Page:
If you get bored easily, then bromeliads may be the plant for you. They only last about 3-6 months and because there is very little care involved, they are easy to maintain. Oh, and they add brilliant bursts of fun colour to your spaces too.
Care: They like a bright sunny spot but, as with most plants, not direct sunlight. Water it regularly into the top of the calyx of the plant.
DARKER & COOLER ROOMS
Elegant with its white spathes against its dark lush green leaves, the Peace Lily is a beautiful plant to have in your homes. It’s also really easy to care for. If you do forget to water it, it’ll let you know by drooping its leaves, which quickly recover when you give it a drink. Darker rooms are the perfect place for peace lilies as they don’t like too much light. Unlike most flowering plants, who require sunlight to flower, the peace lily needs a darker position for it to produce its white spathe like flowers.
Care: Keep the soil moist at all times, but do not over water.
There’s a real timeless quality and an air elegance to ivy plant as it trails down furniture. We’ve all got places in our homes that dont receive that much light, and ivies look great trailing down bookcases, shelves or hung from the ceiling.
Care: Ivies prefer to be kept slightly on the dry side, so let the soil dry out before you watering again.
Also known as dracaena, the dragon tree is a decorating go-to plant that’s easy to maintain. A slow grower, it can reach up to six feet tall indoors.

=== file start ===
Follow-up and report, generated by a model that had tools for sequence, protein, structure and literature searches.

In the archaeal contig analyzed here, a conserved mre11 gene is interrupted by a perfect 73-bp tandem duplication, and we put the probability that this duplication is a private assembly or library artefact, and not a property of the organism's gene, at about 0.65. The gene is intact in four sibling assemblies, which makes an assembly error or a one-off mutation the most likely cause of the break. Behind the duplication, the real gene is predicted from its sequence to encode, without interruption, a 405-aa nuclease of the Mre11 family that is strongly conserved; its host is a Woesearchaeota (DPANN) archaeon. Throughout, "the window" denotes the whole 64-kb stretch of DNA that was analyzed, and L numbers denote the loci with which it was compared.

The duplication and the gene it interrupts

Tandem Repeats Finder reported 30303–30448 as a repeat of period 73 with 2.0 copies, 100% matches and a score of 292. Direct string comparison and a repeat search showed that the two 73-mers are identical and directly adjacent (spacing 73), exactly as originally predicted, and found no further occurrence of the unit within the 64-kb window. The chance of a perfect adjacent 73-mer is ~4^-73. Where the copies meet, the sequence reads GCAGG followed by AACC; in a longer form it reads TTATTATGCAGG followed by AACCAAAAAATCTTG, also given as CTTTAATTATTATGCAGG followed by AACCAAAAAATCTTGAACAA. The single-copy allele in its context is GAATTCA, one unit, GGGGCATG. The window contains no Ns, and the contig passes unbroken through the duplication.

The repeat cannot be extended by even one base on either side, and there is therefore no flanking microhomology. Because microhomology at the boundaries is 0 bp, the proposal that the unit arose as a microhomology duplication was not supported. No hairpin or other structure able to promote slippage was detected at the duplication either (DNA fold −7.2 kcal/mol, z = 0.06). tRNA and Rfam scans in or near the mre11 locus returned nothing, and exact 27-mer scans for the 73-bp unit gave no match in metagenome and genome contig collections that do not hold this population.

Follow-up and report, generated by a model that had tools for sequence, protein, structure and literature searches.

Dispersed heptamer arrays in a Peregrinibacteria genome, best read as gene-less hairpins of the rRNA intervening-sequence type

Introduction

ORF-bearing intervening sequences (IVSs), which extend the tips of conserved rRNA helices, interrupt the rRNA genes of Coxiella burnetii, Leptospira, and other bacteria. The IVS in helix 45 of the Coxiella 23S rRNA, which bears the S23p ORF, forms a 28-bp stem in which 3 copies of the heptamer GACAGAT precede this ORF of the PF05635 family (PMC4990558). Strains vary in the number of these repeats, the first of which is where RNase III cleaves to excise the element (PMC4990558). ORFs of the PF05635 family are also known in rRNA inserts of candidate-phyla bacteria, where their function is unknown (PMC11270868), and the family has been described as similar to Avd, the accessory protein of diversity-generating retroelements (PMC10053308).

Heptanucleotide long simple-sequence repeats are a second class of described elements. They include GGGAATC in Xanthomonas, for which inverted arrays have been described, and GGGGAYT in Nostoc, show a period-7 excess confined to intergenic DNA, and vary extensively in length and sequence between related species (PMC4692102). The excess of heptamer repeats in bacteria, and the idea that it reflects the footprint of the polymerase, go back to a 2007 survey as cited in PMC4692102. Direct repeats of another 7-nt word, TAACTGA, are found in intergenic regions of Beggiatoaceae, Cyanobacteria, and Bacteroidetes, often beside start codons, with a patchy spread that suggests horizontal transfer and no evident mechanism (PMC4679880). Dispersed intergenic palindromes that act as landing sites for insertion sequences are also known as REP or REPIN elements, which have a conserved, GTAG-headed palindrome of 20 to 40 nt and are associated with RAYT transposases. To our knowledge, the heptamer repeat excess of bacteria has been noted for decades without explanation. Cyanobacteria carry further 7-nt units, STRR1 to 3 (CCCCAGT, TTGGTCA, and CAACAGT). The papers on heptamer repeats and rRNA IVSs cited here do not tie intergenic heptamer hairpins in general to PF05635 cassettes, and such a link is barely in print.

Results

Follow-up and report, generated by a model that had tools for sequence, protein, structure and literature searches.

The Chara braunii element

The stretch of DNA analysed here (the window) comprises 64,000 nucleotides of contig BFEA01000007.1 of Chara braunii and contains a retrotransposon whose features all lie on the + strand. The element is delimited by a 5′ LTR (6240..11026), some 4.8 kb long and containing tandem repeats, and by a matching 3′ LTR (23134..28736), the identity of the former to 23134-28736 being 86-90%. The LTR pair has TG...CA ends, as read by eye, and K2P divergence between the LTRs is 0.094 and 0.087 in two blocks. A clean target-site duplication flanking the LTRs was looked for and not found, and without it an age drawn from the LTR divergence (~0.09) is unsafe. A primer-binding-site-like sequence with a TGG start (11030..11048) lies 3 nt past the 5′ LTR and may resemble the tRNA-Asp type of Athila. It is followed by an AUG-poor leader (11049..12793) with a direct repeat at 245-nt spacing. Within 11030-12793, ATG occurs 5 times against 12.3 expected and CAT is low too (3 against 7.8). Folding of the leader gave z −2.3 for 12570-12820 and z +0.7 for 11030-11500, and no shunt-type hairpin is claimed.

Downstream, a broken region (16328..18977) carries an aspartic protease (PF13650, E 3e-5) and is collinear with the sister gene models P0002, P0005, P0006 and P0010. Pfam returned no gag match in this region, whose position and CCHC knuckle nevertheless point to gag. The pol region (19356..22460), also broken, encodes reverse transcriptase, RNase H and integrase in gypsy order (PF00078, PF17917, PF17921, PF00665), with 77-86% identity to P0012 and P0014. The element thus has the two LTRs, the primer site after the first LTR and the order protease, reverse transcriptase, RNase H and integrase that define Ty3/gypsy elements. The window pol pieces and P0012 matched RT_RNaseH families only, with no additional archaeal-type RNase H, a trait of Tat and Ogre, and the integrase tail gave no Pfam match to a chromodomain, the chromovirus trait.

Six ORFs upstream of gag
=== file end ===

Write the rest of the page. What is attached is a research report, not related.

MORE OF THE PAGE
CARE: Dragon Trees are very easy to look after. If the air is dry where your plant is situated it can turn the leaf tips brown, which is easily rectified as you simply snip them off. This particular plant is extremely good at cleaning the air of impurities and harmful chemicals.
Aspidistras were very popular with the Victorians because of their resilience to coal fires and gas lamp fumes, and the typical darker rooms of the time. They’re hardy enough to be grown outside in mild areas as they tolerate temperatures just above freezing.
Care: Keep the compost just moist and water regularly during the warm summer growing season. Keep the leaves clean using a damp cloth. A good indicator that you’re over watering is brown spots on leaves appear. Throughout summer provide a balanced liquid feed every 3 weeks. Aspidistras like to be pot bound, so move to a bigger pot only when absolutely necessary.
As this is the Ultimate Guide, I have had to break this post down into two parts. As much as I edited my initial post, there were just some major points that I just couldn’t leave out. So I am hoping you’ll come back for Part 2 later this week. It was either that or you’d be here forever reading this, and I know how busy life can all be.
Thank you, as always, for stopping by and for any comments, likes and shares.
ps. I know I always end my posts by saying thank you, and that my lovely readers is because I really am thankful to those of you that do take the time to read them. It’s so great to see my readership grow as the weeks go by, especially as blog writing is so new to myself, and I love it.